Upon calling local computer stores they laughed at me when I asked for a 700 MHz anything and wanted too much for anything else, so I turned to the internet. (Yes I know I said in my Buying Computers 101 rant that you should always buy online but I needed the CPU now, not next week. Remember that I said this). I found an online store that would sell me some shims for $5 as well as a 700 MHz thunderbird for $35, and overnight shipping Saturday delivery for a total of $70. Well they decided that instead of shipping my order on Friday (like they should have) to send me a confirmation email requiring my replay to say yes, I want to spend just as much on shipping as I did on the order and that caused the order to ship out Monday instead (and for some reason I received my overnight package on Wednesday). I can live with that. What I cant live with, is when websites dont give enough of a description of the product, so that when I receive my order, I open the box and realize that they shipped me two nice and Im sure very functional shims, and a SLOT 700mhz thunderbird. Who uses a slot thunderbird? I called the store up and they agreed to RMA my slot thunderbird for a 700 MHz Duron. I immediately re-boxed the slot thunderbird and shipped it priority mail to them and they received it Thursday. They did their tests on it that night to confirm that I didnt break the CPU out of a fit of rage (and I just about threw one when I opened the box) and sent me my Duron on Friday, and I received it Monday (a week after I claimed to have needed it)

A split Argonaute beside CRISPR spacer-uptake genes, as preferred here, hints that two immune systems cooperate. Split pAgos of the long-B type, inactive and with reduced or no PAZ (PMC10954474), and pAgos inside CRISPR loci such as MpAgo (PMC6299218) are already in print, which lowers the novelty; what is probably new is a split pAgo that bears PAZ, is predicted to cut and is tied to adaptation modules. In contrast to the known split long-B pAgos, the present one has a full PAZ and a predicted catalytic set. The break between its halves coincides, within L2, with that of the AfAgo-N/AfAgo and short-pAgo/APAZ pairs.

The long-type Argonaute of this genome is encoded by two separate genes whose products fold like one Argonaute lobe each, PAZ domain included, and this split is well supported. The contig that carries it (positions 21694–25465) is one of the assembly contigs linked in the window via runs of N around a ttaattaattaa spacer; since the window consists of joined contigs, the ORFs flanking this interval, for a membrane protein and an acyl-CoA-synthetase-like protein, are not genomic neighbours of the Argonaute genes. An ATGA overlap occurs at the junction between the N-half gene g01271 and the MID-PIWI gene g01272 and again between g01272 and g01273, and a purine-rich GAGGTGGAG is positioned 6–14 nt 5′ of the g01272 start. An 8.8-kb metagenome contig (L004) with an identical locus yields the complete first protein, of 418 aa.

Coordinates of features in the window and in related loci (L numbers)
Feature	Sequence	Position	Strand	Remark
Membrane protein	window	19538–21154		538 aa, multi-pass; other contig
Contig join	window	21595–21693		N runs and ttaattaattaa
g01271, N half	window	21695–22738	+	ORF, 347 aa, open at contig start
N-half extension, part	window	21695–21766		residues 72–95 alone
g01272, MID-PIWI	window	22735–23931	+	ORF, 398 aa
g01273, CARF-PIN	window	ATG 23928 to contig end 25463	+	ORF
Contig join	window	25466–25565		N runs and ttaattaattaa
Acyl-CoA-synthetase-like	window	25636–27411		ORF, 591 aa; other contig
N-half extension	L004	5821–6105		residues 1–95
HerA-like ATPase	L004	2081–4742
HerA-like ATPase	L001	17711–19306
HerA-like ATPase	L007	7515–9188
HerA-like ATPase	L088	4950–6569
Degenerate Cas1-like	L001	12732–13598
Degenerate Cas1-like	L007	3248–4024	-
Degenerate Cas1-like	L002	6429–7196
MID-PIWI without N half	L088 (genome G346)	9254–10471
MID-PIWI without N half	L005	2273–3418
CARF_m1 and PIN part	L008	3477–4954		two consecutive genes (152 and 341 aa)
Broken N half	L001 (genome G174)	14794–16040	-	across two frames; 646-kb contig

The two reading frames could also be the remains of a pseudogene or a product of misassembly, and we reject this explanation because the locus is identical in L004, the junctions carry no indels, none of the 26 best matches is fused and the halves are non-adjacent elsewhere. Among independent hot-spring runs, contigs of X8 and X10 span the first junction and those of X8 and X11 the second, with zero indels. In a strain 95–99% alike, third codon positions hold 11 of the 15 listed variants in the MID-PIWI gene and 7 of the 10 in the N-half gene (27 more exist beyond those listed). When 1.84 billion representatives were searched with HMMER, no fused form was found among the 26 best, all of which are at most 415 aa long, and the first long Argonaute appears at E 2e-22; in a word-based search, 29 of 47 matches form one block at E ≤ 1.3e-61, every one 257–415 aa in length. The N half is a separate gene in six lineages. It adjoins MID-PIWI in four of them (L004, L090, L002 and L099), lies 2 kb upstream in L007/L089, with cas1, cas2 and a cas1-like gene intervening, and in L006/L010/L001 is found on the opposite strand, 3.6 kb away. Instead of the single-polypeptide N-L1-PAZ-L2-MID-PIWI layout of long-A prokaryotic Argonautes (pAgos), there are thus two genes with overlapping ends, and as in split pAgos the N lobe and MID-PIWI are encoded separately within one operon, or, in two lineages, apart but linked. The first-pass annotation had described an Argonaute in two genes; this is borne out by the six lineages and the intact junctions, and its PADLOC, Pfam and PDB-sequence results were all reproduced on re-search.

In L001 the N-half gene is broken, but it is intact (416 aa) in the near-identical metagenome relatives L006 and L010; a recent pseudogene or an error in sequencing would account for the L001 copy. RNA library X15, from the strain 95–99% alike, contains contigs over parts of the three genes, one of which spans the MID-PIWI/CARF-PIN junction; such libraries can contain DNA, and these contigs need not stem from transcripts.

Well anyway, with the help of the shim, I was able to finally put on the Zen and have it NOT kill anything, and I am impressed with the results. Speaking of which, lets talk about those.